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Blog Feature

By: Marissa Salvesen on July 14th, 2016

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5 Interesting Books About Alzheimer’s

Aging & Caregiving

books about Alzheimer'sWe all need time to relax and recharge. For many, reading precisely fits the bill. For caregivers of loved one’s with Alzheimer’s disease and other forms of dementia, reading can also provide something else: much-needed empathy and understanding. Check out these five works of fiction, each of which may offer some unique insights into living with Alzheimer's disease.

1. We Are Not Ourselves by Matthew Thomas

This epic, multi-generational family drama has been hailed by The New Yorker as “the greatest Alzheimer’s novel yet.” Thomas’s first-hand experience with early-onset Alzheimer's will resonate with readers: His father had the disease, as does the father character in We Are Not Ourselves.

Worried about We Are Not Ourselves being a depressing read? The New York Times says, “Written in calm, polished prose, following one family as its members journey through the decades in an American landscape that is itself in flux, it’s a long, gorgeous epic, full of love and life and caring. It’s even funny, in places — and it’s one of the best novels you’ll read this year.”

2. Still Alice by Lisa Genova

There’s a reason why Still Alice spent 59 weeks on the New York Times bestseller list. The book tells the mesmerizing tale of 50-something Harvard professor Alice as she receives a devastating Alzheimer’s diagnosis. Genova’s grandmother suffered a cognitive disorder, and the AARP describes the book’s portrayal as “unsparingly honest.”

Don’t have time to read it? Check out the Academy Award-winning film starring Julianne Moore, Alec Baldwin, Kristen Stewart, Kate Bosworth, and Hunter Parrish.

3. The Wilderness by Samantha Harvey

Described by The Guardian as “a piece of literature seamlessly woven from extremely controlled prose, and peppered with vivid images that are recalled with haiku-like clarity,” The Wilderness tells the story of architect Jake Jameson as he struggles to order his memories while living with Alzheimer’s disease.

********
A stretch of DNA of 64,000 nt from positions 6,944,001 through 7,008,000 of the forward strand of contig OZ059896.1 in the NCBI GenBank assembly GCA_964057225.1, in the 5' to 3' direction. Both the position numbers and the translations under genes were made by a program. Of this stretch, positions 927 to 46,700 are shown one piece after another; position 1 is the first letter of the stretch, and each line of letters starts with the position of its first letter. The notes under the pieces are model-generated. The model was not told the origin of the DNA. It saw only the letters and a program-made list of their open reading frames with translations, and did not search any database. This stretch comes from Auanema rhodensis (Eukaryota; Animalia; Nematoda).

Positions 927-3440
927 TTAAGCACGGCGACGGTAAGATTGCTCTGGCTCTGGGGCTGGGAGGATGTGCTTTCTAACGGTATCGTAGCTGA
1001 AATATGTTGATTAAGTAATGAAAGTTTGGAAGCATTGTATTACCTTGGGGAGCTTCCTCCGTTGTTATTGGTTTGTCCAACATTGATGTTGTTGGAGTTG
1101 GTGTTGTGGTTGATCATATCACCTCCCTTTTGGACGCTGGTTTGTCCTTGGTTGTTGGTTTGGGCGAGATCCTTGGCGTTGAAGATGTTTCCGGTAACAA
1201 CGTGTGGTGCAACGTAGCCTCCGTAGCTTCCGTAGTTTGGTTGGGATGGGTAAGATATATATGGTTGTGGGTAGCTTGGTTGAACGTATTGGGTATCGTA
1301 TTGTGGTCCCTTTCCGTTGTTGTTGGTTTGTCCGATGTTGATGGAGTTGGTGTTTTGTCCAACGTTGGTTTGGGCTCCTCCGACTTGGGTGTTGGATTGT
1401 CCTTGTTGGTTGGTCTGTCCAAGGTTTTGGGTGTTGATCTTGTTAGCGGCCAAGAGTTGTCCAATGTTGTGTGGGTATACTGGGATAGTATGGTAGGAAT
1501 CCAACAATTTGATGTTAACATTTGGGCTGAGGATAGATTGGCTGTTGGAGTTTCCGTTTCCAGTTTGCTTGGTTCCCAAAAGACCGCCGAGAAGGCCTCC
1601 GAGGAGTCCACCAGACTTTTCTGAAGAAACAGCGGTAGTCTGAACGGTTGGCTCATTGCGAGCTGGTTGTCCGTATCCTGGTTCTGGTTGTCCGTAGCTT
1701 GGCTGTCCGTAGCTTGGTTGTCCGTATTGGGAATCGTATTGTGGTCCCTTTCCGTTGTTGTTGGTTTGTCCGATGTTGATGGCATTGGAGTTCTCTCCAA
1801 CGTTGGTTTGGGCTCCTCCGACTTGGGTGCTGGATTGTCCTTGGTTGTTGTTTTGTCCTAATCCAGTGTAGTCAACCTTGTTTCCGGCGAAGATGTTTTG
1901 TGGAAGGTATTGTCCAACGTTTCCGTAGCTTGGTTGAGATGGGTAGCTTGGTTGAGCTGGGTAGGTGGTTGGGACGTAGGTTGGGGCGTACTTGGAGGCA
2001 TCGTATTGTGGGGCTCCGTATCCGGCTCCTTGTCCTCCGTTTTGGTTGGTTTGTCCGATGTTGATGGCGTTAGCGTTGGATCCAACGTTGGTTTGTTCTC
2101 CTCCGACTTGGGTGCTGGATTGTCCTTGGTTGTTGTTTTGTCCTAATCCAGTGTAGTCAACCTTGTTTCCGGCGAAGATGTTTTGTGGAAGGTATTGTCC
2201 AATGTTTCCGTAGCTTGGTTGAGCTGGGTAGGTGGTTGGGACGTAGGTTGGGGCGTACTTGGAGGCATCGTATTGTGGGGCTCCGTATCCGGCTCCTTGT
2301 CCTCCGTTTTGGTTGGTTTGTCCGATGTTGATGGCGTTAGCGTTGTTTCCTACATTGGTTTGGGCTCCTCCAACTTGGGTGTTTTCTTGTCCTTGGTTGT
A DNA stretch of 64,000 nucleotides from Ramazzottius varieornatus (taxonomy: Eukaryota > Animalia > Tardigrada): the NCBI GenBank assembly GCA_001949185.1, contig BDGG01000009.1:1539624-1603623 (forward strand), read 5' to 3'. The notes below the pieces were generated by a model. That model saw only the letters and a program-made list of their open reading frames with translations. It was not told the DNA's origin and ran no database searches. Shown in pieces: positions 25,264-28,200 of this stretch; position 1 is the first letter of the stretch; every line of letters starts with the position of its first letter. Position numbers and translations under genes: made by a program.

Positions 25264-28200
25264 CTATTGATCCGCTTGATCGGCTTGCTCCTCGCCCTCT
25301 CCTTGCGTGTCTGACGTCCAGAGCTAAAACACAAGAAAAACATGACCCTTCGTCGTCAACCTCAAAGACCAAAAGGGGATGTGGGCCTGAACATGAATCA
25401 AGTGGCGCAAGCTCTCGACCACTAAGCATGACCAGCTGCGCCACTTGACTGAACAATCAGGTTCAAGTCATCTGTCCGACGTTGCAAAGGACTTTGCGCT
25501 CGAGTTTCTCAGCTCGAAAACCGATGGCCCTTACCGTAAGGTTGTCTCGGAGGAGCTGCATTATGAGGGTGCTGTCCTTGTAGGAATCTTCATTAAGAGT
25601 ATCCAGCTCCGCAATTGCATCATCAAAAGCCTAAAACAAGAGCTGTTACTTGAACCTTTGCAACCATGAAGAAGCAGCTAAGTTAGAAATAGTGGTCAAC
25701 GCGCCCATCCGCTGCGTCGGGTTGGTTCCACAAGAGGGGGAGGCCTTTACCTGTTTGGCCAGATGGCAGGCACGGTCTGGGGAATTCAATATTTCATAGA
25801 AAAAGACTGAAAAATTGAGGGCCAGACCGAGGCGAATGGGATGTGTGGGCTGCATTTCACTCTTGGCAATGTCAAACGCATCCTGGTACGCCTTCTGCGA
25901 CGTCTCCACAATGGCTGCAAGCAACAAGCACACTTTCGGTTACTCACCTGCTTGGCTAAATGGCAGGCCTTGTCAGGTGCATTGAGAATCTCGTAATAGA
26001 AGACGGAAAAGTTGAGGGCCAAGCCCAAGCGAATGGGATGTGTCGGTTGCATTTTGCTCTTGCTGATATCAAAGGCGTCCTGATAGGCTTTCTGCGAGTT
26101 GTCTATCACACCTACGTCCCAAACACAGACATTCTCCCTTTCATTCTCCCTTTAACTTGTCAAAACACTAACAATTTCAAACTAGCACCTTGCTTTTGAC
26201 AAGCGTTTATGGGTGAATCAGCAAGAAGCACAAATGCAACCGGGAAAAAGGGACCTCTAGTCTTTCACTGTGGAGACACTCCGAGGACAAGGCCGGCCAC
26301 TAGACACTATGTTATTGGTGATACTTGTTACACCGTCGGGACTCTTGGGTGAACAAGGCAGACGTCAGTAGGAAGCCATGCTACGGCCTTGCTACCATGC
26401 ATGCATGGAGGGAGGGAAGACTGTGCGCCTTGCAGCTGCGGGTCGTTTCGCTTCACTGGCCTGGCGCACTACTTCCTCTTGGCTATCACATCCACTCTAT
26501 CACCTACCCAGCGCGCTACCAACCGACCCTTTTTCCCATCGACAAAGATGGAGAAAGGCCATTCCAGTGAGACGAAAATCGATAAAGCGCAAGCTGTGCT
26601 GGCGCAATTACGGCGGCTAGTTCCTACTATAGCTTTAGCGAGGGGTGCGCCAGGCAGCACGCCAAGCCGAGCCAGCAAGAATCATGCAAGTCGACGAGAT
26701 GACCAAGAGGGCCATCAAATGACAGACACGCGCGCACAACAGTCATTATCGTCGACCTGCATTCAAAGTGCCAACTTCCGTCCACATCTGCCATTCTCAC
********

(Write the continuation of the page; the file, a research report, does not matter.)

Simultaneously disorienting for the protagonist and reader as Jake’s confusion escalates, the book -- Harvey’s debut novel -- was hailed by The Guardian as “a forensic examination of loss and misunderstanding, a paean to the vital force of stories, and an incredibly moving look at a sword of Damocles that hangs over us all.”

4. Elizabeth is Missing by Emma Healey

Inspired by Healey’s own grandmother’s experiences with a missing friend, Elizabeth is Missing tells the story of 82-year-old Maud as she seeks to determine what happened to her friend Elizabeth, and its potential connection to another unsolved disappearance. The catch? Maud suffers from dementia, making her a wholly intriguing and yet unreliable first-person narrator. According to the Independent, Elizabeth is Missing -- one part comedy; one part thriller -- “is an extraordinary tale of believable, ordinary tragedy.”

5. A Sudden Light by Garth Stein

Described by Chicago Now as “an exquisite ghost story about love, loss and making things right with the world so that souls, living and dead, can find the peace they deserve,” A Sudden Light introduces 14-year-old "Clever Trevor" Riddell as he falls down a rabbit hole of family mysteries against a backdrop of scenic Puget Sound. The book’s compelling characters include “a ghost with an agenda,” and patriarch Grandpa Samuel, who flickers in and out of lucidity due to dementia.

Key Takeaways

  • As an alternative to non-fiction books, fiction offers equally valuable insights for caregivers.
  • Caregivers can find both entertainment and empathy in the relevance of these books.

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About Marissa Salvesen

My journey into the world of senior living began when I started working for United Methodist Homes in 2010. Starting as an Activities Director at one of our-winning assisted and independent living communities and then transitioning to Marketing and Promotions Manager for UMH, I now work as the Manager of Mission Development, fostering the Mission and Values of our organization. I love sharing stories about the many ways we build meaningful relationships and enrich the lives of those we serve, and am proud to be part of building UMH’s 140-year legacy of caring. Wondering what makes our communities such special places to live and work? Connect with me and find out!

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